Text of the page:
'Best of Television' a tribute to stupidity

June 26, 1992|By Diane Werts | Diane Werts,Newsday

Every minute of every day, somebody somewhere in the world is watching "I Love Lucy."

I'm sure this is what Philo T. Farnsworth envisioned. Why else devote your life to inventing a transformational new medium but so people all around the planet can watch a dingbat drink Vitameatavegamin 4,000 times over?

And so, as we debate the societal message behind single mom Murphy Brown, as we hail the informational import of CNN, as we ponder the political implications of presidential candidates' video town meetings (or saxophone stylings) -- let's pause a moment to remind ourselves exactly what has been the biggest draw on this profound medium throughout the 45 years of its existence:

Stupid behavior.

Lucy, Gilligan, Barney Fife.

Herman Munster, Ralph Kramden, any Brady kid.

Though we now have the real-life mutation -- folks like Amy Fisher who make such ratings-grabbers out of PhilOprahCurrentAffair -- they're just transitory amusements that pass with their times. Gilligan will be bopping the Skipper with coconuts til the rivers run dry.

Thus, TBS has no qualms about bestowing the following title on its new Sunday-night summer showcase of vintage series episodes: "The Best of Television." Why bring up Edward R. Murrow when Mork can na-noo Fonzie?

Why, indeed. Who's had the more lasting impact on us anyway? Who's spent more time in our households, helped define our values, and provided cultural common ground for our diverse population? Americans may not be able to tell Shakespeare from Hemingway, or identify Jimmy Carter's vice president (Who's Jimmy Carter?) -- but they sure as heck know what happened in "Lucy's Italian Movie" on "I Love Lucy," "Sammy's Visit" to "All in the Family" and the "Mary Tyler Moore Show" episode "Chuckles Bites the Dust." (All of which are rerunning this summer.)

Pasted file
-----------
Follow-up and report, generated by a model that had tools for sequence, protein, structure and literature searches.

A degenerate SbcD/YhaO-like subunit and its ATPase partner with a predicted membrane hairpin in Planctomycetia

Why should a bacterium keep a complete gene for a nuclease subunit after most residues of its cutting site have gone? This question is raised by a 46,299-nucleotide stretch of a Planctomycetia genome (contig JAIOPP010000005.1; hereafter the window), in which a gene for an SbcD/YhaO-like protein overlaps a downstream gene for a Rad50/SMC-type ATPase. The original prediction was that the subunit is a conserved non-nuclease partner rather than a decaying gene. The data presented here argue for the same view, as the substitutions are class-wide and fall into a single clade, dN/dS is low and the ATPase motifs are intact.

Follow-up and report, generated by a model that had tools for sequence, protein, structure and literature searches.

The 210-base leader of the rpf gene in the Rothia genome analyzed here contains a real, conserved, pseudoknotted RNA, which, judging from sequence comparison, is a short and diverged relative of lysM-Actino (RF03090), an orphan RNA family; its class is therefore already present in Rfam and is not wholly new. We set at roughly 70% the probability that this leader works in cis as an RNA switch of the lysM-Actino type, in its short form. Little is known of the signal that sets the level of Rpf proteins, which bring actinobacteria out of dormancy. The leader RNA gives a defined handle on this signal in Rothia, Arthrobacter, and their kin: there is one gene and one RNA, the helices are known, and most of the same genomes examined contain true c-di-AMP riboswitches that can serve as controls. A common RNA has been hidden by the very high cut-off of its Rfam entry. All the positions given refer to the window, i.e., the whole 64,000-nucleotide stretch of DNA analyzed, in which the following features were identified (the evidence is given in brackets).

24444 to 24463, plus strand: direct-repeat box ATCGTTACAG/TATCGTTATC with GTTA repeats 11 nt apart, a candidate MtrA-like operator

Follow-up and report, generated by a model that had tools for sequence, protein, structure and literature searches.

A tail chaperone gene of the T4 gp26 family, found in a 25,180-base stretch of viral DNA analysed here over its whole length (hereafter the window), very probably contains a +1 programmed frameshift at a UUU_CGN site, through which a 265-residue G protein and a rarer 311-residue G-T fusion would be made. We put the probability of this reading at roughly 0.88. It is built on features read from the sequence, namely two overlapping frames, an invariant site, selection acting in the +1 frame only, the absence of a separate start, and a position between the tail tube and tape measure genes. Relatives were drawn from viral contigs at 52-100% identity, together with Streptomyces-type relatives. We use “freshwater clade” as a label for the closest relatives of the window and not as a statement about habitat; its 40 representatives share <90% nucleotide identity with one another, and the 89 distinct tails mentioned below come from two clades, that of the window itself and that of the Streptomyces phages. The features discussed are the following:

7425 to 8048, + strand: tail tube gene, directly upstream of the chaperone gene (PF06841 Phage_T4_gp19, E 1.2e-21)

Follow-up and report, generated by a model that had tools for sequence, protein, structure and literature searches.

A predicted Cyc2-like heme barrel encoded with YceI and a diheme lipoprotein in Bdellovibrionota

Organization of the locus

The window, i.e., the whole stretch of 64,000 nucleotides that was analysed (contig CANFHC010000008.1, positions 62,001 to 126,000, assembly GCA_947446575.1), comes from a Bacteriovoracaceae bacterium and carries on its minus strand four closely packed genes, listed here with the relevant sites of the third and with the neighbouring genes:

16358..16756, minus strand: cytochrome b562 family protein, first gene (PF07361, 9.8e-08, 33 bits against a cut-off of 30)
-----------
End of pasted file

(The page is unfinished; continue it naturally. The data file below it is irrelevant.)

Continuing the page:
TV's going to keep regurgitating these "classics" until it chokes -- which it very well may, at least in its current network state, if this past season is any indication. The new shows came and went. Name some. Name one.

Try naming a hit. Past "Home Improvement" -- hammocked between Top 10 fixtures "Full House"and "Roseanne" -- there weren't any. Why else would "The Commish" get renewed for a second season? "The Commish"! You know. That Saturday night ABC show? Earnest chubby cop hero? Ten p.m.?

BTC Never mind. This isn't going to make anybody's "Best of TV" list in the 2020s. There isn't going to be a "Best of TV" list 30 years from now the way things are going, except for maybe "Best of the Best-Of Tributes."

This old-timey overdose is especially disheartening to someone like me, who grew up a TV tot, watching from morning til night, and who initially greeted the vintage-show likes of Nick at Nite as a sofa-spud dream come true. Maynard G. Krebs and "wooork"! Mister Ed dissing Wilbur! Rob tumbling over the ottoman! For us boob-tube babies, this was one continuous warm-fuzzy (to get '70s about it) -- a cathode-ray security blanket to help soothe frazzled nerves and enable us to face the coming day.

Problem is, this video tranquilizer has devolved into an insidious excuse not to face the next day, or the next anything that isn't as lip-smackingly candy-sweet. Vintage TV is zoning us right out of reality -- that vexing complication of life! -- and into some odd apparition of a more pleasing past. Lingering on the sofa with these old shows transports boomers, especially, into a regressive mode of aimless amusement -- back, back into those carefree days of childhood when we didn't have to worry about anything more taxing than how to beat it to the bathroom and back before the commercial ended.

Call it a retreat into the rerun refuge: Both viewers and networks would rather hibernate in the "good old days" than deal with an uncertain future.

And they say TV doesn't reflect the reality of American life!

Prime time's frantic floundering these days reflects the larger lack of direction in society, which doesn't know which way to turn to make things right. All we know is that things are bad. And somebody should make them better for us.

Why should anything be different in tubeland? Here we are on the brink of 200 cable channels -- people with satellite dishes already have that many -- and nobody has a clue what's happening with TV. We can't even make heads or tails of the listings, which we all know were basically the last compelling reason to know how to read. No, the tube is too confusing to figure out. So why try? Especially when you've got the reliable likes of Lucy-Opie-Archie to make things feel the way we think they used to:

No surprises. No challenges. No nagging new ideas. Just cozy familiarity -- instant reassurance for our shaky souls.

Enough already. Let's get our heads out of this electronic sand. Let's find a way to appreciate our video past without wallowing in it, bathing ourselves in its simplicities and distractions, to the point that they start to appear the answer to the incongruities that bedevil us today. The world has changed. TV has changed. The past cannot be the future.

Talk about stupid behavior. Lucy has nothing on us.

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